Although the U.S. government has spent more than $940 billion on the conflict in Afghanistan since 2001, a treasure trove of mineral deposits, including vast quantities of industrial metals such as lithium, gold, cobalt, copper and iron, are likely to wind up going to Russia and China instead of American firms.
The New York Times reported Monday that U.S. officials and American geologists have found an estimated $1 trillion worth of mineral deposits that have yet to be exploited in the country. The paper said a Pentagon report called Afghanistan potentially "the Saudi Arabia of lithium," a key component in batteries for cellphones, laptop computers and eventually, a plug-in fleet of electric cars.
But while the United States and other North Atlantic Treaty Organization countries are providing the bulk of the security for Afghanistan -- U.S. troop levels are set to rise to 100,000 by year's end -- the firms that are profiting from the resource boom are primarily Chinese, and to a lesser extent, Russian.
"China has an absolute advantage in Afghanistan as far as resource development goes," says James R. Yeager, a Tucson, Ariz., consultant who worked as an adviser to the Afghan Ministry of Mines.
Murky Deals, Bribes and State Support
In December, 2007, China's state-owned China Metallurgical Group Corp. (MCC) signed a $2.9 billion agreement with the Kabul government to extract copper from the Aynak deposit, one of the world's largest unexploited copper deposits with an estimated 240 million tons of ore.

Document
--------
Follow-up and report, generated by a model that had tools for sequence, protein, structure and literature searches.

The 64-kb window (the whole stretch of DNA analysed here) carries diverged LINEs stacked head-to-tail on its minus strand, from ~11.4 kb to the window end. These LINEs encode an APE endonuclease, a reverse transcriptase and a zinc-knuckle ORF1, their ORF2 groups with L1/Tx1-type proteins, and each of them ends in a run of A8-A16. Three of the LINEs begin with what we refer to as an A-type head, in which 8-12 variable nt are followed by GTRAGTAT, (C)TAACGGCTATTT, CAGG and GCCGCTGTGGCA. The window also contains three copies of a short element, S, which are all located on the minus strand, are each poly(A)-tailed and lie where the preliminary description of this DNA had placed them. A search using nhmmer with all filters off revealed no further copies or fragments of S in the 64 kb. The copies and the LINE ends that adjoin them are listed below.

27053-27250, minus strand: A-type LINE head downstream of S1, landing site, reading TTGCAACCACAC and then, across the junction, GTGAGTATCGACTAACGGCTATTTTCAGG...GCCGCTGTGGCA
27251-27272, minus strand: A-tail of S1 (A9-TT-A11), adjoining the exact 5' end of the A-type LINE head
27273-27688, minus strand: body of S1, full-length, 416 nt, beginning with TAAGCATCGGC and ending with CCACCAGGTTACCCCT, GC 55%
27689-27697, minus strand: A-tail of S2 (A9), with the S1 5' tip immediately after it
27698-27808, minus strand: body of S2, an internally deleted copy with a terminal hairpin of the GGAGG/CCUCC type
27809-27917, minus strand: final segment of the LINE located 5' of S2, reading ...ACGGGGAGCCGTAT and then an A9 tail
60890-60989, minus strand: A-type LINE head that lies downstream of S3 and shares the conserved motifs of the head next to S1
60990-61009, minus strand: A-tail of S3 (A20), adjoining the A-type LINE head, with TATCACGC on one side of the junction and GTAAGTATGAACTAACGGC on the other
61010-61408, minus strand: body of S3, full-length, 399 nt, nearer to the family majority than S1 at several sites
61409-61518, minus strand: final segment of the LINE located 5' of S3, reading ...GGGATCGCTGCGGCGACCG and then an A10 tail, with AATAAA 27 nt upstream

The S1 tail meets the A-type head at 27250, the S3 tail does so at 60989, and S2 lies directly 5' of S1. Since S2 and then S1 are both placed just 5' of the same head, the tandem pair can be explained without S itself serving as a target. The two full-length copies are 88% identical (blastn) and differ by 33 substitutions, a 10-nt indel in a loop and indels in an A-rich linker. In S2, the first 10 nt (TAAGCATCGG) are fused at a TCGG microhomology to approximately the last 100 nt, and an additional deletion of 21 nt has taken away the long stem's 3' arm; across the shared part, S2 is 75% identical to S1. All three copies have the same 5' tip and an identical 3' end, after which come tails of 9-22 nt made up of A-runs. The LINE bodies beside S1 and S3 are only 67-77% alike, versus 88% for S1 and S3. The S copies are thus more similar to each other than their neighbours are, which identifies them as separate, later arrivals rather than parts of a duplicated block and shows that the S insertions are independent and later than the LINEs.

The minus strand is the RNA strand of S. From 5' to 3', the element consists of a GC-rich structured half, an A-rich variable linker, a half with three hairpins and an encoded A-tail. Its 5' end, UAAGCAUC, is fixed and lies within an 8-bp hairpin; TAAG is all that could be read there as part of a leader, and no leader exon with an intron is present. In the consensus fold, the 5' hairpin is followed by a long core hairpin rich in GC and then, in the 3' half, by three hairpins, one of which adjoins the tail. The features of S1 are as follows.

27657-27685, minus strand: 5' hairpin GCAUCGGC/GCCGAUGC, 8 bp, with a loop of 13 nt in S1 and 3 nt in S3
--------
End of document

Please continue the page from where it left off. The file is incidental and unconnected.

The Washington Post, quoting a U.S. intelligence official, reported that the Afghan minister of mines was accused of taking approximately $30 million in bribes from the Chinese company in exchange for the contract. The minister denied the charge and said the Chinese firm had offered the best deal.
Yeager produced a 78-page investigation into the Aynak deal, which he described as a "murky and insufficient tender process." He said a number of sources have come forward since the report was written to confirm that bribes were paid to Afghan officials at clandestine meetings in Dubai in the Aynak tender process.
Yeager says that transparency may no longer be such a big problem because a new minister of mines has taken office and has vowed to clean up the systematic corruption. Now the problem is the way the Kabul government interprets the mining laws.
The law says that if you buy land and acquire exploration rights, then you can go right into a mining license," Yeager says. " But the government of Afghanistan says if you go out and explore and find something, you can give it back to us and we'll tender it. No one will put up their risk capital just to turn the deposit over to the Chinese."
Chinese, Russian Firms Don't Explore
Yeager also said the cozy relationship between the Russian and Chinese governments and Russian and Chinese mining firms gave them a major advantage over Western firms in winning mining licenses.
MCC, for example, is 44% owned by the Chinese government. When MCC entered into negotiations with the government of Afghan President Hamid Karzai, it offered substantial aid for resource development as part of the package, Yeager says. The United States, on the other hand, has no program to support U.S. mining companies with development assistance or other aid.
The irony is that it is U.S. government geologists and Western companies that are locating the vast mineral deposits that the Chinese and Russians are exploiting in Afghanistan.
"The problem with the Chinese is that they are developers of resources and not explorers of resources," Yeager says. "They will look at projects where they already have a reserve in place and then go out and buy it. They don't spend the risk capital and the exploration dollars."
According to Yeager, the countries that are doing the most exploration are Australia and Canada. But they also don't pay bribes to local officials or provide vast amounts of state aid to the government in return for valuable mining licenses.